Which is most familiar to you? I'm going to bet it's Facebook.
If you are aware of the former three entries, then you are probably well aware of the direction this post will take. For those who think Foursquare refers to that great schoolyard game we all played once upon a time, a little explanation is in order.
This week Facebook announced its new location-based service (LBS). LBS lets users "check in" to various locations via a mobile device, and allows friends or followers to see those check-ins. Facebook offering this new service is news because, while late to the game (Foursquare has been the hot choice for about a year, Gowalla makes a formidable competitor, and SCVNGER takes a slightly different tact), its incredible user base immediately makes it the largest provider of this type of service.
LBS is a trendy topic because inherent is a nearly natural revenue stream, mostly for retail and consumer products. For instance, soon-to-be parents who have recently broadcast that they are expecting might get a coupon for diapers pushed to them the first time they check in or are near a grocery store. (Sidenote: The whole thing reminds me of a scene from Minority Report where retinal scans offered consumers a barrage of personalized advertising.)
Following the announcement, of course, come concerns over privacy, which you can read about here and here. These are obviously very real concerns, ones which Facebook users have to consider as they begin to orient themselves with the service. (On a personal note, while I'm an avid fan of social media, I haven't yet gotten comfortable with the idea of LBS.)
But what inspired today's post, was a Facebook post by the David All Group, a Washington, D.C. consulting organization that helps individuals or organizations leveraging digital media create winning public policy and/or campaign strategies. The post provides some very foundational recommendations on how LBS should be considering in the strategy of, well, nearly anything.
While the inclination is to view LBS as a marketing, brand, and sales tool, we, as workforce professionals, must consider how the newest facet of digital social communication impacts the strategic development of our workforce and its tactical performance. Let's consider the possible applications of LBS as it applies to some of our recurring themes on The Seamless Workforce.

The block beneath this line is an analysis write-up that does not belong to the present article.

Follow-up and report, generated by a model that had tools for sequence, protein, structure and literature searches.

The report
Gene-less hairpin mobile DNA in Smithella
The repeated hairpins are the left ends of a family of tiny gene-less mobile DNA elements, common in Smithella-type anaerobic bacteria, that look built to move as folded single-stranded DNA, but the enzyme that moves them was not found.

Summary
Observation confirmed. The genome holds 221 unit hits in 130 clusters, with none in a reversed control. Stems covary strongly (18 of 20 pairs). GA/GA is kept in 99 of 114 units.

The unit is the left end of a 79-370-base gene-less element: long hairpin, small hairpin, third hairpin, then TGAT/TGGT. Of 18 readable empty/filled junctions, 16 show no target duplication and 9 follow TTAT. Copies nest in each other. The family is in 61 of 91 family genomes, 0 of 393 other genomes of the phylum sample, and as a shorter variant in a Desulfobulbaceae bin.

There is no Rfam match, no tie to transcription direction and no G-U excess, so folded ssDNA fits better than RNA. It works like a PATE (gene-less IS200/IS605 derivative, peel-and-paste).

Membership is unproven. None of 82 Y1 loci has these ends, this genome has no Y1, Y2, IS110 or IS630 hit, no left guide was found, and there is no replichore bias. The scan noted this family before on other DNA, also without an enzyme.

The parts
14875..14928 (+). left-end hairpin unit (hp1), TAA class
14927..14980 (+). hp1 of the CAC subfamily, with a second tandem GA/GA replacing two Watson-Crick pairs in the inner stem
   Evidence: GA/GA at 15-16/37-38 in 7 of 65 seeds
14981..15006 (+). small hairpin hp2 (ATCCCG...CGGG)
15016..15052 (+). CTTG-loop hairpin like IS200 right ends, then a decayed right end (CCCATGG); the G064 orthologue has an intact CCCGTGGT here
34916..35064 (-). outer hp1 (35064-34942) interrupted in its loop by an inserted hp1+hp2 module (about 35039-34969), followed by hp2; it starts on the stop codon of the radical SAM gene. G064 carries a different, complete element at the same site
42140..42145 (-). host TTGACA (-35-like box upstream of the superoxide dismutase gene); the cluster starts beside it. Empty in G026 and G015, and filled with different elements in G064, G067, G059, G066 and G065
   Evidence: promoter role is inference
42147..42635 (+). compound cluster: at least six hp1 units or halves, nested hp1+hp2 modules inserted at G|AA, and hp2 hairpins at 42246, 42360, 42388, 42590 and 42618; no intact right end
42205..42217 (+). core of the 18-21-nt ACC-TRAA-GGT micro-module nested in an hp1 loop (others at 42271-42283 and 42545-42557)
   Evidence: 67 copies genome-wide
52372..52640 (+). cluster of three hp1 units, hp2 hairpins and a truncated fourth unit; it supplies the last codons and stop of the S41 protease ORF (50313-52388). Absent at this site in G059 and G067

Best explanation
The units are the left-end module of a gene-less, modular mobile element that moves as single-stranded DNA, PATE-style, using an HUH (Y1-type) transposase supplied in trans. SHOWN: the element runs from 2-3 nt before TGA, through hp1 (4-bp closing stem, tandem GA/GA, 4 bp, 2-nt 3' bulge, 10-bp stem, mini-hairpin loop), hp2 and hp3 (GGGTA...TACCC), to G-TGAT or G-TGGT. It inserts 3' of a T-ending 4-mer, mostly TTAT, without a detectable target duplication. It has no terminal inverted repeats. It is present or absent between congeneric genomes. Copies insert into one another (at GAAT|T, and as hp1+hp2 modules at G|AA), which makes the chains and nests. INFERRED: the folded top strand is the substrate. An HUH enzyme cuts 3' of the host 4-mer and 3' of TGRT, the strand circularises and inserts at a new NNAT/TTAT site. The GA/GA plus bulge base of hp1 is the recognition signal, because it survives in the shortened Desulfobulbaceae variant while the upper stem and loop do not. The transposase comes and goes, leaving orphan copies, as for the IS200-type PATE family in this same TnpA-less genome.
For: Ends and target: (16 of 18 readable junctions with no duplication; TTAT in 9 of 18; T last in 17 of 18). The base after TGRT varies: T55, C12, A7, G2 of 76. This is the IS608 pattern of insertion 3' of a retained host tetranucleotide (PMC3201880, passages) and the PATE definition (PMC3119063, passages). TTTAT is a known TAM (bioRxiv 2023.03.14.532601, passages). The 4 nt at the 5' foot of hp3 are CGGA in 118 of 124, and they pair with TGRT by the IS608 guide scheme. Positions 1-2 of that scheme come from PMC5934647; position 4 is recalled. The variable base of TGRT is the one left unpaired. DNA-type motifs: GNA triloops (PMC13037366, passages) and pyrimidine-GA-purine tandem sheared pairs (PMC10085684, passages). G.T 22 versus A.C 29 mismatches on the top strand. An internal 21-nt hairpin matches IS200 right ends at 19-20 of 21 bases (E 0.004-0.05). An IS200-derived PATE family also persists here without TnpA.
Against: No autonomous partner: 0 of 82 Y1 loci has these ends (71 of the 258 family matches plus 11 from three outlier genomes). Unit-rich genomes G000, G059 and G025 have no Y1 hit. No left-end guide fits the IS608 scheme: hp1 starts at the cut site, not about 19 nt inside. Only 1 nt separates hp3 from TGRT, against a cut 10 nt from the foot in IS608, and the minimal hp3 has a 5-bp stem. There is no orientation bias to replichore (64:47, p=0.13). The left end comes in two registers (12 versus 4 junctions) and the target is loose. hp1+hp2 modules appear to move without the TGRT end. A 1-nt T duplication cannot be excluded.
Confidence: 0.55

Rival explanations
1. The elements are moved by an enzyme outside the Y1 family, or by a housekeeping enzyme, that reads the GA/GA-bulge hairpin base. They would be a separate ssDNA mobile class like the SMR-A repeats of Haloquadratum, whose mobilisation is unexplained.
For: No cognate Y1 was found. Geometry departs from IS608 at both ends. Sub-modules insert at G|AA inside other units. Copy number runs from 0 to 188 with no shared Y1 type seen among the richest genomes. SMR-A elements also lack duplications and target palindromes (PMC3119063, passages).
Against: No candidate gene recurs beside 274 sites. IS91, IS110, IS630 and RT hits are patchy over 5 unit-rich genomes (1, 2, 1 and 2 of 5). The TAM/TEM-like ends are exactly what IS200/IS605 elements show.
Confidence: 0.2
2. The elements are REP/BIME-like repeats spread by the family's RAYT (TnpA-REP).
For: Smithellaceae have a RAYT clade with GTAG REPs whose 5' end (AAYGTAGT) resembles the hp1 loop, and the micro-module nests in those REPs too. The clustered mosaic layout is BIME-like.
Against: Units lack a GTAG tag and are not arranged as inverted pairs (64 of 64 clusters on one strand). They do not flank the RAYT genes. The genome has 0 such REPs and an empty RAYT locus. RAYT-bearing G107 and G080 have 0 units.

Supplier consolidation. Consider a policy that either requires or strongly recommends that non-employees check into the employment location and specify their supplier and project associations. Forget about the possibilities of automated time and expense tracking for a minute, and consider that what the employer gains is an organic list of all non-employee labor that the organization is utilizing and a snapshot of their source.
Employee engagement. Encouraging employees to check in throughout the day and include those that they are working with and their current tasks in the update might create some interesting engagement and collaborative opportunities. For example, to offer the latest internal news on issues related to the task at hand, or for nearby executives to stop in and give the team some attention. Now extrapolate this out to the non-employee segment, and you have a completely connected and engaged workforce.
Recruiting. LBS could inspire impromptu networking events, offers of discovery interviews for coveted resources who might be nearby, increased awareness of employment presence, "send to friends" candidate marketing, and so on.
Employment brand. Consider community service projects. It might be interesting to have employees check-in during community service activities associated with the brand. Are there large events that segments of your employees attend? Trade shows, educational events, etc.? Encouraging them to check-in can demonstrate the involvement of your employees at such events.
The point is that the ongoing maturation of digital social communication must be given proper attention so that we can quickly capitalize on the opportunities it provides. These are, of course, simply immediate ideas that come to mind when considering the impact of LBS on the workforce, but we'd love to hear your suggestions as well. Why not drop a comment and lend your two cents to the discussion?